Do you know your FHA home loan options? There are many things you can do with an FHA mortgage and buying a new home is just one of them. You can use an FHA home loan to buy, refinance, rehab, or upgrade a principal residence, with lower down payments and protections for the borrower when paying off early.
FHA New Home Loans
Did you know you can use an FHA mortgage to buy an existing home or have one built for you from the ground up? Buying an existing property is one of the most common uses of an FHA mortgage, but you can apply for an FHA One-Time Close Construction Loan (also known as an FHA Construction-To-Permanent loan) using an approved builder to have a house built brand new.
FHA One-Time-Close mortgages have only one application and closing date, unlike some construction loans which require the borrower to apply and close twice-once for the construction phase of the loan and once for the mortgage loan itself.
These types of mortgage loans can be more complex than other home loans, but for borrowers who want the home built brand-new, it’s well worth the effort.
FHA mortgages for new or existing construction are known as “forward mortgages”, but there are plenty of other options available depending on the lender.
FHA Refinance Loans
Refinancing an existing home loan is nothing new, but FHA refinance loans offer some extra options to be aware of including an energy efficient add-on to the loan for approved upgrades that will save the borrower money on monthly utility bills.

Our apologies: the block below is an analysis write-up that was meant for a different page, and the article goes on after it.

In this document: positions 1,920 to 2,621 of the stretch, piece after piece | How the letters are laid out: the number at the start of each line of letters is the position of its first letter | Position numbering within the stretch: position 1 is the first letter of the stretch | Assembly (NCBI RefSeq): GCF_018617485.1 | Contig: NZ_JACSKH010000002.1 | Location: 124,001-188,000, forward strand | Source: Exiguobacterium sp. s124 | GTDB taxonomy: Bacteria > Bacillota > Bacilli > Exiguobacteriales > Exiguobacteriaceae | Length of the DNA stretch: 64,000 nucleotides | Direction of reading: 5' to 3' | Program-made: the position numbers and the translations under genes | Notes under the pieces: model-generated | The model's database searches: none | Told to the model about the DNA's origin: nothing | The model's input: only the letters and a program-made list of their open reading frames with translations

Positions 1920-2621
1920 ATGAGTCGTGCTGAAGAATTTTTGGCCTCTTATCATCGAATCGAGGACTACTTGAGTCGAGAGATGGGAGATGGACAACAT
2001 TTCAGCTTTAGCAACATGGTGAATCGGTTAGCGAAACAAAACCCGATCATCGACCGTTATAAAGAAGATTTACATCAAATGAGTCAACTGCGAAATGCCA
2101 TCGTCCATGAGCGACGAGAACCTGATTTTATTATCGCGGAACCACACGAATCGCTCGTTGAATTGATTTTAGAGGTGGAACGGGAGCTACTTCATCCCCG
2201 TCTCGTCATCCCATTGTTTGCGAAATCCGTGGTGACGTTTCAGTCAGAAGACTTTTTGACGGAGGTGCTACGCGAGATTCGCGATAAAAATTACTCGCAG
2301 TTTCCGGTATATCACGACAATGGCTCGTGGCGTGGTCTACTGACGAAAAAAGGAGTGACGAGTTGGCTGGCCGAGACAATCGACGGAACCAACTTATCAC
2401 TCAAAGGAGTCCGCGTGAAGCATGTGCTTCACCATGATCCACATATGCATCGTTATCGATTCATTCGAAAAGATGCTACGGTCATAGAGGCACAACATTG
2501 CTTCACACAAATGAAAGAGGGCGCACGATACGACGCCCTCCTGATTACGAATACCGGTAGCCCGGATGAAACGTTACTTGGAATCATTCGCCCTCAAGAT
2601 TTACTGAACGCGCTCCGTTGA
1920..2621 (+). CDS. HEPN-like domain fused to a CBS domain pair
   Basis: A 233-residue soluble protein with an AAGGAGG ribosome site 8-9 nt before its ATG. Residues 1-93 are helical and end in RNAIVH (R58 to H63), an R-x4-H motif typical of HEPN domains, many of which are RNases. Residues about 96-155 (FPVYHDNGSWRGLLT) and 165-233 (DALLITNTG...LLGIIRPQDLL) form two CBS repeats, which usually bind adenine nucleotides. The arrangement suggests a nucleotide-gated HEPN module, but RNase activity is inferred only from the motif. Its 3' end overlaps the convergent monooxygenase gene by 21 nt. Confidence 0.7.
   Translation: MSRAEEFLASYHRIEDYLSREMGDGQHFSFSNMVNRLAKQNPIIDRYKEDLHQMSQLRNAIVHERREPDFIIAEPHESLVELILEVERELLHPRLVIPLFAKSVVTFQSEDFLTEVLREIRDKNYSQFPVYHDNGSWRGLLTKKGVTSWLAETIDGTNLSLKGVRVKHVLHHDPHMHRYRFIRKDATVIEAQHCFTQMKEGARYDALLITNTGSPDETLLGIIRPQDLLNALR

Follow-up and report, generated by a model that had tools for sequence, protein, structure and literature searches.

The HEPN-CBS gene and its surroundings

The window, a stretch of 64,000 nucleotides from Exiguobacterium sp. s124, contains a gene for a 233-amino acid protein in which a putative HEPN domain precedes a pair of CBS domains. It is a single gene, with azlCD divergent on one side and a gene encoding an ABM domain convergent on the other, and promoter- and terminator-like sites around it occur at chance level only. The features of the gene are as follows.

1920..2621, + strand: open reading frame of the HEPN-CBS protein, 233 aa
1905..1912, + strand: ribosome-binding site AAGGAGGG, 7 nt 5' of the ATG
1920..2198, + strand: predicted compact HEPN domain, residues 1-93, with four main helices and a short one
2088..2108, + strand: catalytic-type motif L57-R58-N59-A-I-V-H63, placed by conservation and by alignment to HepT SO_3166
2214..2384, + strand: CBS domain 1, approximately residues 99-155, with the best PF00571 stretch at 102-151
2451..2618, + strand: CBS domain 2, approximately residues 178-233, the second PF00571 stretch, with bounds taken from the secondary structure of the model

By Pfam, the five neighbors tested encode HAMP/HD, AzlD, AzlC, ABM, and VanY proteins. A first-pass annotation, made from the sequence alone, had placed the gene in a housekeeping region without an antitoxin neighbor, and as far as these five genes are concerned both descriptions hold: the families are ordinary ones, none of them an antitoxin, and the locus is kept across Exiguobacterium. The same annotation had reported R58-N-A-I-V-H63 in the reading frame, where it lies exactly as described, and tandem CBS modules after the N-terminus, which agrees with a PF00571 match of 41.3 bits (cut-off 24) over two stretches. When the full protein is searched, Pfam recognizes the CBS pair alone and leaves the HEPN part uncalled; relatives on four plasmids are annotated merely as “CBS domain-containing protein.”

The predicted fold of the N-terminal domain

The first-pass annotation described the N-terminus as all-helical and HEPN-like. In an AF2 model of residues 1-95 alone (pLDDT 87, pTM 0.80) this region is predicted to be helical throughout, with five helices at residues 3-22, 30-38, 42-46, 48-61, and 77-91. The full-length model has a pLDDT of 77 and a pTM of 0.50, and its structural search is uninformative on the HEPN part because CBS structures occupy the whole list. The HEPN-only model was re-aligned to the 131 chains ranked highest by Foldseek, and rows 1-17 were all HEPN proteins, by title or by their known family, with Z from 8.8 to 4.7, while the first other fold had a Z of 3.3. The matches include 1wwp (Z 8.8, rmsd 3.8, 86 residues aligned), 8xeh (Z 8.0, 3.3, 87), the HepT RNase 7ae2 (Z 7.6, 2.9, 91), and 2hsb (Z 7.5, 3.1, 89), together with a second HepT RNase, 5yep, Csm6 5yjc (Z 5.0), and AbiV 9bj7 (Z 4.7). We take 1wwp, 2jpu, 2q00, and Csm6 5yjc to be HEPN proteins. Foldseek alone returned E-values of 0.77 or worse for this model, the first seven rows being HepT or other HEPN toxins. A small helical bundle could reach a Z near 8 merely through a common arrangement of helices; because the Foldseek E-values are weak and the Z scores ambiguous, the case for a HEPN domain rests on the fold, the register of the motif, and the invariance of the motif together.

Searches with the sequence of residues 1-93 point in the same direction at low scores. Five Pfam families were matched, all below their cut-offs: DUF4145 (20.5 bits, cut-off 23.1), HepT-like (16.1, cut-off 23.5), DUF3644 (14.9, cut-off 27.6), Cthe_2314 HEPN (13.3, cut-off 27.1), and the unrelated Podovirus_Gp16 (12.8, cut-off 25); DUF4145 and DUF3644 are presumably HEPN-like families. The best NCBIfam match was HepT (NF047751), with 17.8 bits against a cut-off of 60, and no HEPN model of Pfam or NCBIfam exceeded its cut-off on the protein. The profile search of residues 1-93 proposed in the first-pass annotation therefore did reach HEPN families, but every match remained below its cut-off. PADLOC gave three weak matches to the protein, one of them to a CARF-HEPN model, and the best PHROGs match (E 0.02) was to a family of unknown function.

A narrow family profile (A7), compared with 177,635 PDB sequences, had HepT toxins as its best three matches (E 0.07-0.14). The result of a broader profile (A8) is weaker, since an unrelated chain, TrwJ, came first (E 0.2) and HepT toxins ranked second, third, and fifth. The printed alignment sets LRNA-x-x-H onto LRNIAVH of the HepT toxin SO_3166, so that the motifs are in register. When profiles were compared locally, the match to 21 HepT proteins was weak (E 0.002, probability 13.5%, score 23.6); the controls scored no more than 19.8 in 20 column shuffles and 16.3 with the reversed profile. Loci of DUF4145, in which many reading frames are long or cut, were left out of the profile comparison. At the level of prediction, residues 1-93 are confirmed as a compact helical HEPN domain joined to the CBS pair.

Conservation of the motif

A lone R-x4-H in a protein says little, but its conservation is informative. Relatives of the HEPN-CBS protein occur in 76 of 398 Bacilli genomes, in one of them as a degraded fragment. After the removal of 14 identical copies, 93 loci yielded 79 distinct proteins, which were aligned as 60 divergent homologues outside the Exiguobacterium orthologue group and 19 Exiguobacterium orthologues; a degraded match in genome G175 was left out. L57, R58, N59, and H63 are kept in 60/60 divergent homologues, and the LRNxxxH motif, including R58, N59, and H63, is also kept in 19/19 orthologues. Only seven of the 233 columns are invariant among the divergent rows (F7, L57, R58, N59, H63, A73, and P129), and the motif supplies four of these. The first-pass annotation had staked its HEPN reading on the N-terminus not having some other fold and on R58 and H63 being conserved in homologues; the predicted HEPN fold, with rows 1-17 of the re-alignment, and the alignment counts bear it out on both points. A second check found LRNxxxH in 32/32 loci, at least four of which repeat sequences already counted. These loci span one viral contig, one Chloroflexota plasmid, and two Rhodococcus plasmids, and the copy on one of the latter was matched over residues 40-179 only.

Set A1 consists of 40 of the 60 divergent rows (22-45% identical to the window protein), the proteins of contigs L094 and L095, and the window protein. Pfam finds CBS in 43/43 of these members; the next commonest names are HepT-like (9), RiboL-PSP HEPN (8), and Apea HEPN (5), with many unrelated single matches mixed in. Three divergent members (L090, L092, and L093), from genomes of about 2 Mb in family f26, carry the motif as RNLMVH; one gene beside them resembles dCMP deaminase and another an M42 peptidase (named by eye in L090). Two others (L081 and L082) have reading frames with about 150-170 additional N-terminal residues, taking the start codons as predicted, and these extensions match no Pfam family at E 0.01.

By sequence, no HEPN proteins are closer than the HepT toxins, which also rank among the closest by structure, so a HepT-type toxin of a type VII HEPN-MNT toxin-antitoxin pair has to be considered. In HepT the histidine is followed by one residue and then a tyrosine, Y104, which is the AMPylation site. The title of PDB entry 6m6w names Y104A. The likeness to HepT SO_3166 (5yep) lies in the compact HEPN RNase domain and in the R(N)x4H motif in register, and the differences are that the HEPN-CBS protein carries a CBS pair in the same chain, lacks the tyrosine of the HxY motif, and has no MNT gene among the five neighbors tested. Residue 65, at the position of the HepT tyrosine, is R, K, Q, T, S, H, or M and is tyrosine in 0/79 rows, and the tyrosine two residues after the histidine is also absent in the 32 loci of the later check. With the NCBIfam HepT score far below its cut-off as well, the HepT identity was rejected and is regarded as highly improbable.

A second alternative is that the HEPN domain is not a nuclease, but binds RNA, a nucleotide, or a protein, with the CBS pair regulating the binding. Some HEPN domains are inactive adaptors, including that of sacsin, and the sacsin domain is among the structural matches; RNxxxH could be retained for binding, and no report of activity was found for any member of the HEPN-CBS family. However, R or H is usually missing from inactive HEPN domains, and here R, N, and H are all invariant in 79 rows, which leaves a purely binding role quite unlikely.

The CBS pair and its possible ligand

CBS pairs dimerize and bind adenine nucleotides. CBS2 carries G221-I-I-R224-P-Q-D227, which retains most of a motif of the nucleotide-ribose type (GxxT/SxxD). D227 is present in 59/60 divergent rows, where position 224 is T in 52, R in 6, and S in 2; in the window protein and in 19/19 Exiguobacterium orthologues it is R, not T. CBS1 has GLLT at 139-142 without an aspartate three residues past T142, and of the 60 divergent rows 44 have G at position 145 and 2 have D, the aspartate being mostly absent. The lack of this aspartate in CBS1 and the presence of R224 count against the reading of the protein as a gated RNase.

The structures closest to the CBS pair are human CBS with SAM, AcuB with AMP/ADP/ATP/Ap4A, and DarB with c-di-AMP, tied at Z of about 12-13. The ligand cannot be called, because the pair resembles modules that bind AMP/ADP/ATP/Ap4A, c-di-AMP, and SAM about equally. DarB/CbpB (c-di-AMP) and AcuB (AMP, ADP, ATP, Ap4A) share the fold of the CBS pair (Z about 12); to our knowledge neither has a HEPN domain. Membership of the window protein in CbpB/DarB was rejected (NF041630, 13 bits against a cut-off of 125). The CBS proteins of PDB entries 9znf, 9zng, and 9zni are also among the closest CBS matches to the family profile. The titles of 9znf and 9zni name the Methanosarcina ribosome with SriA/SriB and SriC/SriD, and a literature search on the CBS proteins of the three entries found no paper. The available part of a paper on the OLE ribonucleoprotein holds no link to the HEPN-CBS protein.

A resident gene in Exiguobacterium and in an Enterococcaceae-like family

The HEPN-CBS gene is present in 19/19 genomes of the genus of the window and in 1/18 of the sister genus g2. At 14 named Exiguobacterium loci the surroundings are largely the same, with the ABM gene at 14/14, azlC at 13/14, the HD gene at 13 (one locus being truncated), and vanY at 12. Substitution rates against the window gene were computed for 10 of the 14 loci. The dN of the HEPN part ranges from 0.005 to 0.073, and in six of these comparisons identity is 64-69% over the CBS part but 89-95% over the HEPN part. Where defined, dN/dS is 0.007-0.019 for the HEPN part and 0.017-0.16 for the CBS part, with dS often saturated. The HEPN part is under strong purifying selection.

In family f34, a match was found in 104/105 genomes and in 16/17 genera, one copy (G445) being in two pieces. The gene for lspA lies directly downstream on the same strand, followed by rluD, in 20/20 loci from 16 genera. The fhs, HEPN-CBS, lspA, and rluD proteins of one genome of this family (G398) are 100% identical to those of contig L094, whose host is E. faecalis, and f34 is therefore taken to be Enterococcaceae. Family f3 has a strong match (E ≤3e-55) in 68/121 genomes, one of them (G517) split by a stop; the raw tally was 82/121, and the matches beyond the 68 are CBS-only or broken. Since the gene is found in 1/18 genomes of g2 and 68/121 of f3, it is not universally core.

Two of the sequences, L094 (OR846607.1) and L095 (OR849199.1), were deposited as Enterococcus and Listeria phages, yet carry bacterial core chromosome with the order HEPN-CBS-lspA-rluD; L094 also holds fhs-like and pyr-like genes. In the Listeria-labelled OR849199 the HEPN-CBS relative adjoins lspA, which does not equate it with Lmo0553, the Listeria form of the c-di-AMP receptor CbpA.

You can also refinance a home using an FHA 203(k) rehab mortgage loan that allows you to renovate, improve, and upgrade a property with FHA loan funds.
Refinancing can mean a lower monthly payment (depending on the nature of your loan) and a change of interest rate, too. Borrowers who are currently paying on adjustable rate mortgages may consider refinancing into an FHA fixed-rate loan which can end the uncertainty over rate adjustments and changing payment rates.
Some refinance loans such as FHA cash-out options are open no matter what kind of loan you originally had on your home. Others, such as the FHA Streamline Refinance option, are only open to those with existing FHA mortgages.
FHA Reverse Mortgages
For qualified borrowers aged 62 or older, the FHA Reverse Mortgage loan (also known as an FHA Home Equity Conversion Mortgage or HECM) is an option; those who qualify can apply for a loan that has no monthly mortgage payments and provides cash back to the borrower.
Reverse mortgages are designed to pull equity out of the home in cash. Qualified HECM borrowers either own their property outright or have very few mortgage payments remaining on the original mortgage. An FHA HECM loan is due and payable in full when the borrower dies or stops using the home as the primary residence.
Talk to your participating FHA lender about these FHA loan options and how to apply.